A Manager’s Guide to Interpreting Human Behavior
Your job as a manager is to get the very highest quality and quantity of human performance and output from the resources entrusted to you. As much as 80% of the operating costs of your business are represented by the wages, salaries, benefits and bonuses paid out to your people. Small, incremental increases in individual performance can have a substantial effect on your bottom line.
Human Behavior and Business Skills
To get the very most out of others, you must become something like an “amateur psychologist” as one of your many business skills. You have to develop a fairly good idea of human behavior, how people think, feel and react. You need to know why people do, or do not do, the things that they do and how you can influence them in a positive way.
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This is not easy. Individuals are incredibly complex. They have been formed and shaped mentally and emotionally by thousands of small and large experiences that go back to infancy, and even before that. You can imagine that each person is like a large ocean liner and the manager is like the tug boat who can nudge the liner in a particular way to assure that the ship goes in a specific direction. But the ship itself can only change direction if it is motivated to do so.
Imagine that each person that reports to you is like an iceberg. Only 10% of the iceberg is visible above the surface. The other 90%, which you cannot see, understand or influence is under the water, in the past experiences and subconscious of the person in front of you.
The rule is that you should never try to be a psychologist to your staff. You should understand in general how they think, feel and act the way they do, but you are not qualified to give them advice and counsel, and to try to help them become something that they are not. Besides, it doesn’t do any good, your job is to help build their business skills. People are the way they are as the result of a thousand influences over which you have had no control.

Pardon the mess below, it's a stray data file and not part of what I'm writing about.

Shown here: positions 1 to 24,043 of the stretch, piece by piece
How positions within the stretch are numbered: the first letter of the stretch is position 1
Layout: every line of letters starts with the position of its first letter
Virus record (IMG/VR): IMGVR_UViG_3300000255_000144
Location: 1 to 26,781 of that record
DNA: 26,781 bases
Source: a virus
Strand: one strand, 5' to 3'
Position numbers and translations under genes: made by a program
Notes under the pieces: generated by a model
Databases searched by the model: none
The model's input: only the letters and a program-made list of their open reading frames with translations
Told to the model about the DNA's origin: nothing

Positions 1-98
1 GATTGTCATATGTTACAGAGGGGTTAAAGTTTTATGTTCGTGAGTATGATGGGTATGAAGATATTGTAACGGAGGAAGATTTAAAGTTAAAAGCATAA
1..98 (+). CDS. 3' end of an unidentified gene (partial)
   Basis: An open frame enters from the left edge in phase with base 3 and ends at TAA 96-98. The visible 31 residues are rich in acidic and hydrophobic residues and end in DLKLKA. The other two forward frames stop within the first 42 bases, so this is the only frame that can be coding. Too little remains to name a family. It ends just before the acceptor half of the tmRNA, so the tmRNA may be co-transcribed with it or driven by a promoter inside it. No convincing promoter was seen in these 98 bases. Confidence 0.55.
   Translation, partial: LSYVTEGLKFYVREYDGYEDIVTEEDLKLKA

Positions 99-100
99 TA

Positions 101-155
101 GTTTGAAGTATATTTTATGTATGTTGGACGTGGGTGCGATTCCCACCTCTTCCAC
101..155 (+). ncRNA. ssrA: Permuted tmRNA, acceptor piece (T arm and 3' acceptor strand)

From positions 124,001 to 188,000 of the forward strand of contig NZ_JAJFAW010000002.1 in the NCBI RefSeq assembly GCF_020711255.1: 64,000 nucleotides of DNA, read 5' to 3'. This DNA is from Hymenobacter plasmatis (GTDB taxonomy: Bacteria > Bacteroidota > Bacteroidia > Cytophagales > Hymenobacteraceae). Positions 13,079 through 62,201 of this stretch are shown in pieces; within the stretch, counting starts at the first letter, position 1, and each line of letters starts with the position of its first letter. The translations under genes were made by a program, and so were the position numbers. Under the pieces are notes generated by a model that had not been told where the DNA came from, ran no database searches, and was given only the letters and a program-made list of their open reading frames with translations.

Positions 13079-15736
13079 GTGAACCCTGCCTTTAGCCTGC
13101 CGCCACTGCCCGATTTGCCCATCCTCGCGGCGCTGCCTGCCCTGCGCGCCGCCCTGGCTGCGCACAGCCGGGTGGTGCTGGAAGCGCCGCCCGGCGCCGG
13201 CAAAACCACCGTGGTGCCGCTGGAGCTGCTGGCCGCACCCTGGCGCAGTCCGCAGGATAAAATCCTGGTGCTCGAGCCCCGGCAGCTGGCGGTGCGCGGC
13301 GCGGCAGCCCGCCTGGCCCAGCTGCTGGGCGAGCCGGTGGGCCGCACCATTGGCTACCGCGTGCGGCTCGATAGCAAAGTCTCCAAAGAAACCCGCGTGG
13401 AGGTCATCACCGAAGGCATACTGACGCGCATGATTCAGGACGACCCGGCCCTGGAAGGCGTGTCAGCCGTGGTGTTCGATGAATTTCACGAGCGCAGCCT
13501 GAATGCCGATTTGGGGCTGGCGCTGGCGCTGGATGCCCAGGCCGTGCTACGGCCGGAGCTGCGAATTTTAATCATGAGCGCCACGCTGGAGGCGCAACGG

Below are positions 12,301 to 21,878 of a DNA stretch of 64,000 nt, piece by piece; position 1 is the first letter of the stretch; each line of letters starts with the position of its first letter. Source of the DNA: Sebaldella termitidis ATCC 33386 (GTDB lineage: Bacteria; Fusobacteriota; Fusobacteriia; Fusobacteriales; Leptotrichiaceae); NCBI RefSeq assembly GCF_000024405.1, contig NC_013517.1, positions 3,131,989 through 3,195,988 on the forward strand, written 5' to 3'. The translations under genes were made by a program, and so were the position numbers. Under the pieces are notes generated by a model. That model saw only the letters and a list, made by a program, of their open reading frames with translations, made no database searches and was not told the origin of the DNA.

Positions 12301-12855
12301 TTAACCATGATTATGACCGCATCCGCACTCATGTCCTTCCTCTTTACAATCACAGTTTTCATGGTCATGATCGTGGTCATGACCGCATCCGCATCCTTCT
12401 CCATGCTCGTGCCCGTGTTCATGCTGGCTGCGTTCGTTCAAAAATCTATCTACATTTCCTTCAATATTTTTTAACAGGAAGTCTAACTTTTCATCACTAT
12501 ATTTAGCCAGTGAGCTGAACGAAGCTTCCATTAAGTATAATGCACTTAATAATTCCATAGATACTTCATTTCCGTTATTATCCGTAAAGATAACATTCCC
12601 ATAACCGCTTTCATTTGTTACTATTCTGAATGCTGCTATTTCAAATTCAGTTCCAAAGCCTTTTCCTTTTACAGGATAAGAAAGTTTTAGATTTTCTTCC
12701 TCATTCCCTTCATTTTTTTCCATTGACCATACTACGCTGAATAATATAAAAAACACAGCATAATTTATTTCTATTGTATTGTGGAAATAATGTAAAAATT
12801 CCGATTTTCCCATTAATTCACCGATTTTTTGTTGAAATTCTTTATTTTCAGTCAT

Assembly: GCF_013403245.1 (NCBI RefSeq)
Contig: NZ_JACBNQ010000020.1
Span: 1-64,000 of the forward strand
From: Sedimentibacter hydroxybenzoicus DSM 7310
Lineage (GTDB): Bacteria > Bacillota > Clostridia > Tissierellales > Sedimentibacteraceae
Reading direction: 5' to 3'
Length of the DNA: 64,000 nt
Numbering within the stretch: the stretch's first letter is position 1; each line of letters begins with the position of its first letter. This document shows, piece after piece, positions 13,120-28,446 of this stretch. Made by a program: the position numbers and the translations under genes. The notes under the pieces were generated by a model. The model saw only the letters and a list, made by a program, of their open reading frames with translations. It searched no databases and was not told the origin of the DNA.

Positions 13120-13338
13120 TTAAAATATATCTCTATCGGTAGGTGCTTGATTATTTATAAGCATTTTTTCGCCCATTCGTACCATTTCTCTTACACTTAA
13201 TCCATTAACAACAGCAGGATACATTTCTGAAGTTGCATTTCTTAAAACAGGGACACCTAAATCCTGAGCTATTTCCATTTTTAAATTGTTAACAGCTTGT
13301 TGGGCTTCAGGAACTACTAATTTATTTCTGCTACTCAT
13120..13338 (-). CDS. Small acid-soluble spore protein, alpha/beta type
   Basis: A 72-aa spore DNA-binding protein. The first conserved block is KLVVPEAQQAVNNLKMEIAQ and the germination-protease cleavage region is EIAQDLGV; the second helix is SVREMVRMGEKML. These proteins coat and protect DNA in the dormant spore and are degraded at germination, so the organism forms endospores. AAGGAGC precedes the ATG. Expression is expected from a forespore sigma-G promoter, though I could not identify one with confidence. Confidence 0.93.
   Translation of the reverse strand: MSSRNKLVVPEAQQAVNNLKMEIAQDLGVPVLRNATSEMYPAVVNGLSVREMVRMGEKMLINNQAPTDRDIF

The basic rule is “People Don’t Change.” As the comedian Flip Wilson said, “What you sees is what you gets.”
Under stress, people not only do not change, they become even more of what they already are. If they are rigid, they become more rigid when things don’t work out the way they want. If they are weak or irresolute, they become weaker and even more irresolute in the face of adversity and setbacks. People don’t change.
Even if people offer to change, promise to change, agree to change, and try to change, they don’t change. They remain the way they are. It has taken the average person their entire life to get to become the person they are today, and they are not going to change, no matter how you try to impact or influence them.
Increasing Human Performance
Your job is not to find people and transform them into something that they are not already. Your job is to find good people and create an environment where they can perform at the highest levels possible for yourself and develop important business skills.
Eighty-five percent of all your problems in business and in life will be contained in the people with whom you interact. It will be the responses, reactions, and human behavior of other people that will cause you the most grief and misery. Choosing the wrong people in the first place often creates a situation that can never be happy or productive.
This is why it is said that, “The best time to fire a person is the first time it crosses your mind.” After that, it only gets worse. The person does not get better, they deteriorate. They cause more trouble and grief over time.
Sometimes, people confront me and argue with me against this rule, “people don’t change.”
They say, “If people don’t change, what is the purpose of education, motivations, team building and all the other things that we do to get people to perform better or differently?”
The explanation is simple. From about the age of sixteen or seventeen, basic personality of a person is fixed like concrete. Their temperament and personality style remains constant for the rest of their lives, in most cases.
What you can change are the physical factors, such as their talents, skills and abilities. You can teach them and encourage them to be even better than they have been in the past by helping them to develop along their own natural lines of talent and ability. But you cannot turn a basketball player into a musician or an angry person into a friendly person. These are largely fixed characteristics that do not alter in the course of time.
Large companies often hire people based on their personality, temperament and demonstrated abilities, and then invest many years in training and developing them into extremely valuable parts of the corporate team. They don’t try to turn ducks into eagles. The search for eagles and then teach them to fly in formation.
How do people become the way they are? What are the essential determinants of human performance and human behavior? Your ability to understand the foundation principles of human behavior can give you an edge in selecting people and molding them into a peak performance team for yourself and your business.
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